- What is this?
- Why should I read it?
- What do you want me to think about / consider doing / react to?
Think of the structure of the introduction as an inverted triangle of information that lays a foundation for understanding the research problem. Organize the information so as to present the more general aspects of the topic early in the introduction, then narrow your analysis to more specific topical information that provides context, finally arriving at your research problem and the rationale for studying it [often written as a series of key questions to be addressed or framed as a hypothesis or set of assumptions to be tested] and, whenever possible, a description of the potential outcomes your study can reveal.
These are general phases associated with writing an introduction: 1. Establish an area to research by:
- Highlighting the importance of the topic, and/or
- Making general statements about the topic, and/or
- Presenting an overview on current research on the subject.
2. Identify a research niche by:
- Opposing an existing assumption, and/or
- Revealing a gap in existing research, and/or
- Formulating a research question or problem, and/or
- Continuing a disciplinary tradition.
3. Place your research within the research niche by:
- Stating the intent of your study,
- Outlining the key characteristics of your study,
- Describing important results, and
- Giving a brief overview of the structure of the paper.
NOTE: It is often useful to review the introduction late in the writing process. This is appropriate because outcomes are unknown until you've completed the study. After you complete writing the body of the paper, go back and review introductory descriptions of the structure of the paper, the method of data gathering, the reporting and analysis of results, and the conclusion. Reviewing and, if necessary, rewriting the introduction ensures that it correctly matches the overall structure of your final paper.
II. Delimitations of the Study
Delimitations refer to those characteristics that limit the scope and define the conceptual boundaries of your research . This is determined by the conscious exclusionary and inclusionary decisions you make about how to investigate the research problem. In other words, not only should you tell the reader what it is you are studying and why, but you must also acknowledge why you rejected alternative approaches that could have been used to examine the topic.
Obviously, the first limiting step was the choice of research problem itself. However, implicit are other, related problems that could have been chosen but were rejected. These should be noted in the conclusion of your introduction. For example, a delimitating statement could read, "Although many factors can be understood to impact the likelihood young people will vote, this study will focus on socioeconomic factors related to the need to work full-time while in school." The point is not to document every possible delimiting factor, but to highlight why previously researched issues related to the topic were not addressed.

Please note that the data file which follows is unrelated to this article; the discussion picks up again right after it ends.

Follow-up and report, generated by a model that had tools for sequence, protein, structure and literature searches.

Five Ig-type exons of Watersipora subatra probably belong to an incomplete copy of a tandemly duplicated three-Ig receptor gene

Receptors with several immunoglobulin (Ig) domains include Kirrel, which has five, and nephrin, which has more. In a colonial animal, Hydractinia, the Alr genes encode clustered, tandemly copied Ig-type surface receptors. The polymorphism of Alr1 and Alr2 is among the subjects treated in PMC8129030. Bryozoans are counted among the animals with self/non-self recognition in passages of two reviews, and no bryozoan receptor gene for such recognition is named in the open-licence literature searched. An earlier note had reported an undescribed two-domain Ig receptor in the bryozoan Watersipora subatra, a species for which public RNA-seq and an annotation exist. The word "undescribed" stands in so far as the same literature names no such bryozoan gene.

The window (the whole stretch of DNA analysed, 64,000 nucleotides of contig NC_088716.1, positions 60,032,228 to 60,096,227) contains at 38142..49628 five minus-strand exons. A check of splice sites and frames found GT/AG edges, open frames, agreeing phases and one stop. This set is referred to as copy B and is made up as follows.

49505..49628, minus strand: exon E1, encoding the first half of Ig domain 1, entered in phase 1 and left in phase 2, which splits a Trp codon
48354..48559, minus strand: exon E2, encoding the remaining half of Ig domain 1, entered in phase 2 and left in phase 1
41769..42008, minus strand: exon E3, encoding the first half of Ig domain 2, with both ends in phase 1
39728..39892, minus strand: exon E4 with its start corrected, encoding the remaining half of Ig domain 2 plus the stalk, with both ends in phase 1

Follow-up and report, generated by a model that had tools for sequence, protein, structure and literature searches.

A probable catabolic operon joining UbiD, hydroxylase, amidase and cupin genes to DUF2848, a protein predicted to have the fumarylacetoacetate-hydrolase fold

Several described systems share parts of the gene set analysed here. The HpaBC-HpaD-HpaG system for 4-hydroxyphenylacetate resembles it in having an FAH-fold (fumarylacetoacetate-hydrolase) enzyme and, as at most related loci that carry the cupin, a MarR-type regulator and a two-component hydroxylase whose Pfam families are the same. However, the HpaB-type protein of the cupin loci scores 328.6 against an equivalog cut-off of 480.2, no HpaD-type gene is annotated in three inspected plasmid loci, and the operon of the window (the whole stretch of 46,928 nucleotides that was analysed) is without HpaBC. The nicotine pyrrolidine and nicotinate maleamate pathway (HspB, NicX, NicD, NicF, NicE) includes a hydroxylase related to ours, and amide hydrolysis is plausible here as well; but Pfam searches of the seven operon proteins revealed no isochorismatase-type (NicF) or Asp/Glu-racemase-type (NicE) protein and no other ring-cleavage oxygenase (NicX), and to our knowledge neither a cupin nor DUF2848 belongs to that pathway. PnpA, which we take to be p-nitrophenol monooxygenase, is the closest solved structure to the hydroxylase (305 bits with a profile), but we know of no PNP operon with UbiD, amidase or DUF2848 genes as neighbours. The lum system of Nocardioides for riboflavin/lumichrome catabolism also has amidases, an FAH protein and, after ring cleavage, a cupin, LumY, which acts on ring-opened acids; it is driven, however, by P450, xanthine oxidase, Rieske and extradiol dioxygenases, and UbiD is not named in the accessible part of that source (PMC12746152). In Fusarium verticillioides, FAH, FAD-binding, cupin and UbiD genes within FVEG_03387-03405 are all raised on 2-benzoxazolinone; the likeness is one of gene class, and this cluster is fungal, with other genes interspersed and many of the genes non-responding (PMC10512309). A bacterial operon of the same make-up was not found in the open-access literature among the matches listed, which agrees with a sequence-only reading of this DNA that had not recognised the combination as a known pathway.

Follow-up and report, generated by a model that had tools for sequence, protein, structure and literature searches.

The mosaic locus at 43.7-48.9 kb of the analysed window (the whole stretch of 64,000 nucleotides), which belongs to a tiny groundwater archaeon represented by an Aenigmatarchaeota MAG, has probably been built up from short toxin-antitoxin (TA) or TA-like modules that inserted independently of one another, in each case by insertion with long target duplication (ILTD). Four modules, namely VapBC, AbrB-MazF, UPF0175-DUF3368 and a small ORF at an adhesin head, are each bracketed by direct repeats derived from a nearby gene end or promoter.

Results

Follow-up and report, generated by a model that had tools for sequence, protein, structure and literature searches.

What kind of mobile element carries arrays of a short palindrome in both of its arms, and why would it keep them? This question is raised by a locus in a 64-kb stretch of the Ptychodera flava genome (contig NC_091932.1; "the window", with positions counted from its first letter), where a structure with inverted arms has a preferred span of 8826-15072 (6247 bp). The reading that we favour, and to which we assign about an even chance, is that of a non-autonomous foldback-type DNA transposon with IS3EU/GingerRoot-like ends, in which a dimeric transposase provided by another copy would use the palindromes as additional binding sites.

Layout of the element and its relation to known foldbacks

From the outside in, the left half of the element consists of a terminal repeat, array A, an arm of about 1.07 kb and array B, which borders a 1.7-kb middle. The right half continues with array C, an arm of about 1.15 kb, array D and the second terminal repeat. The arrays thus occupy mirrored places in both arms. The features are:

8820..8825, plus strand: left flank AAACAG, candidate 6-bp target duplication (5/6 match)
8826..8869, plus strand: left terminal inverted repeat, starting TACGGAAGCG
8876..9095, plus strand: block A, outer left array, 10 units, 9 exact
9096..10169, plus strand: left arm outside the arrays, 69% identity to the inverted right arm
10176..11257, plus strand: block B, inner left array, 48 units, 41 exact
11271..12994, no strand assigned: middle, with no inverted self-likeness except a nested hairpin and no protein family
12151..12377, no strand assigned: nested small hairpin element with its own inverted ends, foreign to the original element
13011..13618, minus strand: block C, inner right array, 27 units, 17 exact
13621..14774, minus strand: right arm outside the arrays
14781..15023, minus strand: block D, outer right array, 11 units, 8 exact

Examples of delimitating choices would be:
- The key aims and objectives of your study,
- The research questions that you address,
- The variables of interest [i.e., the various factors and features of the phenomenon being studied],
- The method(s) of investigation,
- The time period your study covers, and
- Any relevant alternative theoretical frameworks that could have been adopted.
Review each of these decisions. Not only do you clearly establish what you intend to accomplish in your research, but you should also include a declaration of what the study does not intend to cover. In the latter case, your exclusionary decisions should be based upon criteria understood as, "not interesting"; "not directly relevant"; “too problematic because..."; "not feasible," and the like. Make this reasoning explicit!
NOTE: Delimitations refer to the initial choices made about the broader, overall design of your study and should not be confused with documenting the limitations of your study discovered after the research has been completed.
ANOTHER NOTE : Do not view delimitating statements as admitting to an inherent failing or shortcoming in your research. They are an accepted element of academic writing intended to keep the reader focused on the research problem by explicitly defining the conceptual boundaries and scope of your study. It addresses any critical questions in the reader's mind of, "Why the hell didn't the author examine this?"
III. The Narrative Flow
Issues to keep in mind that will help the narrative flow in your introduction :
- Your introduction should clearly identify the subject area of interest . A simple strategy to follow is to use key words from your title in the first few sentences of the introduction. This will help focus the introduction on the topic at the appropriate level and ensures that you get to the subject matter quickly without losing focus, or discussing information that is too general.
- Establish context by providing a brief and balanced review of the pertinent published literature that is available on the subject. The key is to summarize for the reader what is known about the specific research problem before you did your analysis. This part of your introduction should not represent a comprehensive literature review--that comes next. It consists of a general review of the important, foundational research literature [with citations] that establishes a foundation for understanding key elements of the research problem. See the drop-down menu under this tab for " Background Information " regarding types of contexts.